Factors That Impact your Valuation

There are many business valuation factors which can come into play which can impact the overall outcome of an investment.


There are many business valuation factors which can come into play which can impact the overall outcome of an investment. It is important to recognise those potential factors, and understand in what way they may impact your valuation, and whether extra considering should be given to them based on the specific circumstances of the business you are valuing.

EBITDA

This is the calculation of a company’s value based on earnings before interest, taxes, depreciation and amortization. This eliminates non-operating effects unique to a business and is an important factor in the purchase or sale of a business (partially or wholly).

Size

The size of a business can have a significant impact upon the valuation as a whole, and is a factor within the EBITDA calculation. The size of a company can determine not only the value as a whole, but how attractive that company may be for potential investors.

Revenue (and trends)

Is the revenue trending upwards or downwards? It can be a determining factor for the level of risk an investor may be taking on with the business. It may be that the investor looks at the business as an opportunity to inject new life into it and turn it around, or they may be looking to ride the wave upwards. The trends in revenue will often differ depending on the personal circumstances of the investor.

Growth Potential

Future growth is of great interest to potential investors. If the business is stable it may also help raise the valuation, but if the growth is shrinking visibly, then it may be difficult to raise a high valuation.

Current Talent and Management

It is not uncommon, especially in finance and tech for companies to be bought purely for the employees and talent that are currently working there. They may have specialised knowledge that another business wishes to obtain, and therefore they will buy the business for that purpose. Therefore, for their specific needs, the business may have a much higher inherent value than to anyone else.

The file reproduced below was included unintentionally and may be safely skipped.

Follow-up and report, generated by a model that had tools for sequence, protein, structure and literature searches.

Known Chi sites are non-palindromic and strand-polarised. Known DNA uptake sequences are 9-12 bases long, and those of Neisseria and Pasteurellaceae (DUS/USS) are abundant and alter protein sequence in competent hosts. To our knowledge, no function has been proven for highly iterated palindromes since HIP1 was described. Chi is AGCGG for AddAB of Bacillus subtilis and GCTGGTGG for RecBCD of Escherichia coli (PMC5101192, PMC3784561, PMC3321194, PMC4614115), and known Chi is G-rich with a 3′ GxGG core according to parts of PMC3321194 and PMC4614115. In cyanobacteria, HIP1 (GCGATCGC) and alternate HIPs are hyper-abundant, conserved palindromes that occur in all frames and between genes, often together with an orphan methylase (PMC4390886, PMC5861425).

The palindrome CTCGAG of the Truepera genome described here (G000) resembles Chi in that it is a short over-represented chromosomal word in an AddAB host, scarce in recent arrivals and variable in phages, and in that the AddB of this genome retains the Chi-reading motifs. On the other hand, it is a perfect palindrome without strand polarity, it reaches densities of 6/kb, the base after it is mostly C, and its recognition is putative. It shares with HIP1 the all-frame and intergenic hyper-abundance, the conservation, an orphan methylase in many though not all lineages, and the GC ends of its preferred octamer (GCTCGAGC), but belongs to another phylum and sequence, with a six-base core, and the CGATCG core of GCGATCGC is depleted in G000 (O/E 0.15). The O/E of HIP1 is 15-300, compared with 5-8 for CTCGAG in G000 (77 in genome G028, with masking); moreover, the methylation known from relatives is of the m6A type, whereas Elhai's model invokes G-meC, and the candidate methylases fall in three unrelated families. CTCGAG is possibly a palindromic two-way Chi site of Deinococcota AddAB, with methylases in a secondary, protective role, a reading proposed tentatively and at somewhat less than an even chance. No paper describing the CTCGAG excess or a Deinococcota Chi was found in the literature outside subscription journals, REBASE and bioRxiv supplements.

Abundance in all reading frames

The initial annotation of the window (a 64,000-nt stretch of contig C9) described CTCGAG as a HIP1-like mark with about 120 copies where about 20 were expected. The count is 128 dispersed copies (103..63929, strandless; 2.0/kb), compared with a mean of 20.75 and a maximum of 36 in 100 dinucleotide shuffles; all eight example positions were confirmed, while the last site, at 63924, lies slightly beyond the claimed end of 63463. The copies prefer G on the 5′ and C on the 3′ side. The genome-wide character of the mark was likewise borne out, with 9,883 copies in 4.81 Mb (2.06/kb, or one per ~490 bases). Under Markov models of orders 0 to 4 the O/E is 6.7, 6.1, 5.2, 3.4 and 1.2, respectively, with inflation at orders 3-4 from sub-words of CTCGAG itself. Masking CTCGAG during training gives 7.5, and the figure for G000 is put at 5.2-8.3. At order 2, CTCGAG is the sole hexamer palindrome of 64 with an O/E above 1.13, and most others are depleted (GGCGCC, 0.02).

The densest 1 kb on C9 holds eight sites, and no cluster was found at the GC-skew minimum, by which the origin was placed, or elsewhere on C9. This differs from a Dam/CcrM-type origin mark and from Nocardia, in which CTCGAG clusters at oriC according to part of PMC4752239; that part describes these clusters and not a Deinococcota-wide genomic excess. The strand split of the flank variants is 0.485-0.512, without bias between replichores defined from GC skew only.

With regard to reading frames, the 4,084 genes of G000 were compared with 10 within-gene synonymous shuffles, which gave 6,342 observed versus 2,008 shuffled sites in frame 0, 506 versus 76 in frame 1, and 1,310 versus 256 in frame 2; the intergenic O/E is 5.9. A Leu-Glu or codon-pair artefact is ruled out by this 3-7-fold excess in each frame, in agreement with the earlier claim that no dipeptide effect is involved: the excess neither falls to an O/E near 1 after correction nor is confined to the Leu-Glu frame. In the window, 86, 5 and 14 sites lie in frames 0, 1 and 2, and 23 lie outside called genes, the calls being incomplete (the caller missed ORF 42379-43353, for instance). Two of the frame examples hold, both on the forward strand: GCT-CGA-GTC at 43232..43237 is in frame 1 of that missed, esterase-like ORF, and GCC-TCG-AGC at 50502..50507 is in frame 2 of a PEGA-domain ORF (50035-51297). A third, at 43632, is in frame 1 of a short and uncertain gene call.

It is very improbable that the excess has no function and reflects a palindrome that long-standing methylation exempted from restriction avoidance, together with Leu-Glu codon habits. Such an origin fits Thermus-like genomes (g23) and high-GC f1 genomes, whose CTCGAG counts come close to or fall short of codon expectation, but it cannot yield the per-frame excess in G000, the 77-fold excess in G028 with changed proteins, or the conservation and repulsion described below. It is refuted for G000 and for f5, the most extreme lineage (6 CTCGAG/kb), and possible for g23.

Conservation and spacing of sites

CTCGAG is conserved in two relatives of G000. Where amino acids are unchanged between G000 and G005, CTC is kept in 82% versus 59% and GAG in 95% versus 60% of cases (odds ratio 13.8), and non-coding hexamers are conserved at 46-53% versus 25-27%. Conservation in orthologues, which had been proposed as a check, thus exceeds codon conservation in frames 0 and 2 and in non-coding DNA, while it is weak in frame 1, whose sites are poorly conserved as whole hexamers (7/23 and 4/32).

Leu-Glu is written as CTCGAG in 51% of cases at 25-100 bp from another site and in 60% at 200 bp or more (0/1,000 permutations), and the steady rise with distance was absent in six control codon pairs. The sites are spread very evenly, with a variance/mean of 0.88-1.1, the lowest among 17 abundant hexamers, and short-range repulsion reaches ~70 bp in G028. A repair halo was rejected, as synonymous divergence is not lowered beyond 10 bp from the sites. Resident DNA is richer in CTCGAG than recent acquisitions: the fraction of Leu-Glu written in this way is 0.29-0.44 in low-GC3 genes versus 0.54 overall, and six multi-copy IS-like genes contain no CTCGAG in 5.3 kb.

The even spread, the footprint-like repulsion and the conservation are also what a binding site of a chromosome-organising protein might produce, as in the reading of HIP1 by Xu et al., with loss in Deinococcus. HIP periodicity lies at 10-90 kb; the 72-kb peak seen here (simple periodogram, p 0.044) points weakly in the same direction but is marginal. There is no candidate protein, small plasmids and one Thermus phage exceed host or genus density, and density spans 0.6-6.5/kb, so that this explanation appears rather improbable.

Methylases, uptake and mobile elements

Location

As is the case with properties, the value of a business can be impacted by where they are located. This can be due to taxation implications of the location, as well as the assets within the business and where they are located (IE - a head office in San Francisco is going to have a higher asset value than an office in the countryside).

Competition and Advantages over Competition

It may be that the business has a specific intellectual property piece which gives them an edge over the competition. In this case, it may give investors an opportunity to use the purchase to enter the market, or it may give competitors an opportunity to buy themselves into market dominance. In these scenarios, the prospective buyer may have to value the company higher.

Reputation

An intangible asset, the reputation when positive can have a resulting higher valuation. In contrast, if the business has gone through a period of negative press, or has amassed a bad reputation, then it can cause the valuation to be lower, as they may need to reduce the asking price in order to attract buyers.

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